US 7094340 B2
An exit elbow for an aerated aquarium lift tube, designed so that by the combination of a top-most air release baffle and a submerged release jet, that the inevitable water spray from the implosion of aeration bubbles is contained within the exit elbow itself and not released into the atmosphere in the proximity of the tank's water surface or the lighting hood.
1. An anti-spray, spray containment terminus for an aquarium airlift tube in which upward water flow is created by the combination of a tube and the natural buoyancy of aeration bubbles that performs the dual purpose of preventing the escape of aeration bubbles from the airlift tube and anti-spray terminus assembly, and a means for preventing the spray of fluids resulting from the implosion of the contained aeration bubbles from escaping from the said anti-spray terminus, without the need for any filtering materials or water pump in order to contain the spray, wherein the aeration bubbles are removed from the water flow by the means of an inner and outer cylindrical tube, that achieve the purpose of channeling the upward water flow from an aquarium airlift tube to a downward direction, an upper air baffle that allows free passage of air while at the same time intercepting the passage of spray and an exit jet that has been placed beneath the water surface deeply enough, so that the natural buoyancy of the aeration bubbles will have counteracted the velocity of the downward flowing water sufficiently to allow the aeration bubbles to be contained.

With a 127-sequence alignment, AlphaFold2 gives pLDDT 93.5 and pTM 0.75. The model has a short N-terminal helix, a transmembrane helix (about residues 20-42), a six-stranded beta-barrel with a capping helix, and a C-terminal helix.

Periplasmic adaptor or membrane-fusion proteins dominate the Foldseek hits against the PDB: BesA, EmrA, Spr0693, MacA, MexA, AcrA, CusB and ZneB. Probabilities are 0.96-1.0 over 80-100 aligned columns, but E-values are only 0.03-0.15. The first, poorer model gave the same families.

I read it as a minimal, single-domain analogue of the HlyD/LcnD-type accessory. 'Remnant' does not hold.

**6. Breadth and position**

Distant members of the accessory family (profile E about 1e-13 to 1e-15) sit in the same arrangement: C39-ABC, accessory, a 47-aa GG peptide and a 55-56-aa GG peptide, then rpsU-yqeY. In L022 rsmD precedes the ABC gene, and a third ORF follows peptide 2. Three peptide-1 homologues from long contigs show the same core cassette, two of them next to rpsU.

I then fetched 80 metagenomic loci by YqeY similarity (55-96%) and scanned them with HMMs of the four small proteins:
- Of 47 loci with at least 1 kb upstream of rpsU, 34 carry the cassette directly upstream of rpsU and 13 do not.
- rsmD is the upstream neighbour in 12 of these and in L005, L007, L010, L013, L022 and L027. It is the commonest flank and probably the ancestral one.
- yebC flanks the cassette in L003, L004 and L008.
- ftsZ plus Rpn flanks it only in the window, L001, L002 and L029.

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This application claims the benefit of the filing date of U.S. provisional application No. 60/320,130 filed on Apr. 22, 2003.
The present invention generally relates to animal husbandry in the form of aquatic animal culturing, aquarium aerators and or to a terminus for a commonly known system of liquid purification or separation, structural installation, closed circulating system for an aquarium.
An unfortunate consequence of the use in aquariums of popular undergravel filter plates, aeration lift tubes and standard exit elbows is that a stream of aeration bubbles is carried by the water flow from the standard exit elbow and subsequently across the surface of the water in the tank. The work of aeration and flow already having been accomplished within the airlift tube, the resultant wide stream of aeration bubbles, although not necessarily unpleasant to look at, serves little purpose.
The surface stream of aeration bubbles, while at the same time as serving little purpose, in fact, can be very harmful to both the function and the appearance of the aquarium as will be explained.